The status is; (before I started working) GAMESS has up to and including PM3 already implemented. So the idea is just to update the SE parameters and substitute the subroutines necessary to get PM6 working. Without prior knowledge to GAMESS this really did not sound like a big deal, as the differences between PM6 and PM3 only lies in the way the parameters are used (roughly). The parameterization of PM3 (and AM1) is utilised in the core-core repulsion term (nuclear repulsion) of the Heat of Formation to compensate for the aproximations made in SE methods. Heat of Formation is calcuated acordingly:

$$\Delta H_f = E_{\rm Elect} + E_{\rm Core} - \sum_{A}^{} E_{el}^{A} + \sum_{A}^{} \Delta H_{f}^{A}$$

The emperical parameters from PM3 is fitted via a scaleing factor on the core-core term to fit the experimental heat of formation for the molecule. Fitting of the data and derivation of the parameters was done my Jimmy Stewart, for his program MOPAC where the methods were original implemented. The PM3 core-core repulsion term looks like this;

$$E_n(A,B) = Z_A Z_B \langle s_A s_A | s_B s_B \rangle \left ( 1 + e^{-\alpha_A R_{AB}} + e^{-\alpha_B R_{AB}} \right ) $$

which is then summed over all nuclear repulsions/interactions between any atom A and B. This core-core term needs to be substituted with the new term from PM6:

$$E_n(A,B) = Z_A Z_B \langle s_A s_A | s_B s_B \rangle \left ( 1 + x_{AB} e^{-\alpha_{AB} (R_{AB} + 3 \cdot 10^{-4} R_{AB}^6)} \right )$$

Note that the $\alpha$ parameter is now a di-atomic parameter unlike the mono-atomic parameter is PM3. Another parameter $x$ is also introduced, but that is 'pritty much it'. (there are also a Lennard Jones Term and a van der Waals term, but that is for another blog post). The parameters are all located in the PM6 article, but Jimmy Stewart was kind of enough to send his files including his implementation of PM6 core equation and the list of all parameters. This saved me alot of pointless typing time, so thanks!

Okay, so after implementing the new PM6 specific code and the corresponding parameters, I discovered that the result did not match its MOPAC equivalent. In fact nether electronic, core or the total energy fit the MOPAC value. This was happening for single point energy calculation even for very small molecules (even water). For reference I did a similar test for PM3 and AM1, and found that the already implemented methods results did not fit it's rightfull energies (MOPAC energy) with the same order of magnitude as PM6, which was quickly discovered to be size dependt. This is clearly shown in the below figure, which shows single point energy calculations on a carbon chain from 1 carbon to 20 carbons

.

Energy difference $\Delta E$ is calculated from mopac energy minus the corresponding gamess energy.

Arrgghh! How am I going to implement a new method, when the already implemented methods varies this much from the original program?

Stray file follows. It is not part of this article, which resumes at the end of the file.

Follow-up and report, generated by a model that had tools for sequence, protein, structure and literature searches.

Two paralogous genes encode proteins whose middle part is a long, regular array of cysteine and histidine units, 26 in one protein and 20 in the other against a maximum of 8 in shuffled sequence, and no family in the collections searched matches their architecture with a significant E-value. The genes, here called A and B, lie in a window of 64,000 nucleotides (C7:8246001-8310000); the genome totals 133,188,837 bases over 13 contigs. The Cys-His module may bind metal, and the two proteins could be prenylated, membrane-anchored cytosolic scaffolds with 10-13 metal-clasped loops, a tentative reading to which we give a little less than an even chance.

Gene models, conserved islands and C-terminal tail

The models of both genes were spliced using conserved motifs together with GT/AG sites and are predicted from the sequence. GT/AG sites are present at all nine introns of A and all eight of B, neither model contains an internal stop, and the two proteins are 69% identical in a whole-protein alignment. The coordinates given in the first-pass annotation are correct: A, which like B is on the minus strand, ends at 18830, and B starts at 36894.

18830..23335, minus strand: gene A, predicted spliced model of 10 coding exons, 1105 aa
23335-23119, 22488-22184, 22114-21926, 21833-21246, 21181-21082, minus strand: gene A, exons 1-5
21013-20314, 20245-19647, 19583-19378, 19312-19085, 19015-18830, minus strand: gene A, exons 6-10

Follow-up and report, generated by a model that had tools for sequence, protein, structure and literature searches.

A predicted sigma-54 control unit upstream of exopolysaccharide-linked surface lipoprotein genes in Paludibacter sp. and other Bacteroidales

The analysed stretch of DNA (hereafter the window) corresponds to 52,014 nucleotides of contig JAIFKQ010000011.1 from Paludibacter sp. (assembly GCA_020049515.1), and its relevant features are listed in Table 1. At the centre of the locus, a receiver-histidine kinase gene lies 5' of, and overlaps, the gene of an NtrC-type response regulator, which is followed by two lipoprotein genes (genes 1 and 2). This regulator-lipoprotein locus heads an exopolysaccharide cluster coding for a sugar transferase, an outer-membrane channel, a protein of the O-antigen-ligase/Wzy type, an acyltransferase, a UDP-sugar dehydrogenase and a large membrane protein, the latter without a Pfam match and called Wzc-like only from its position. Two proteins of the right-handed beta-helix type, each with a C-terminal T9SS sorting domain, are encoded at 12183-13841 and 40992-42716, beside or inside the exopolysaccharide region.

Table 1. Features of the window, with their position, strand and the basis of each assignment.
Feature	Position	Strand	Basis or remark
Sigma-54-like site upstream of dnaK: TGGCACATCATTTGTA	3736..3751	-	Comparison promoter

Okay, so the problem was that the SE part of GAMESS was based on a very old version of MOPAC, and so we figured alot of the energy deviation must be originating from the lack of update on physical constants. The MOPAC integrals use two physical constants to calculate the integrals in atomic units, namely bohr radius and electron volts, so by using grep I found all the places where the constants/variables were defined (which was alot!), and then updated acording to the constant defined on MOPAC's website using a common block, instead of alot of local instances.

This resulted in

Okay, but is this better? Hell yeah! The total energy is clearly more stable compared to MOPAC energy, which is the energy that matters most. The deviation in the nuclear and electronic energy looks very much linear which hints to more constants needed to be updated. Note I have only updated the constants located in MOPAC part of GAMESS and therefor only effects the semi-empirical part of GAMESS.

However the effect is there, and even though the energy is working now, it will prove a problem for people who wants to reproduce data already calculated with GAMESS. So be warned GAMESS users, keep a copy of your GAMESS when the PM6 update is integrated in GAMESS-US.

**PM6 Gradient:**The integration of gradient was actually really easy, because GAMESS only uses numerical gradients for semi-emperical calculations.

Am I done? Unfortunately no. To get PM6 fully working I need to implement the d-integrals from MOPAC. As it is now only s- and p-orbitals are used for calculating the integrals. Is that easy? No.

To be continued...

**tldr;**PM6, PM3 and AM1 did not work as expected, which was partially fixed by updating physical constants in the semi-empirical part of GAMESS. PM6 energy and gradient now works up to including Ne, but will need d-orbitals before it is fully operational.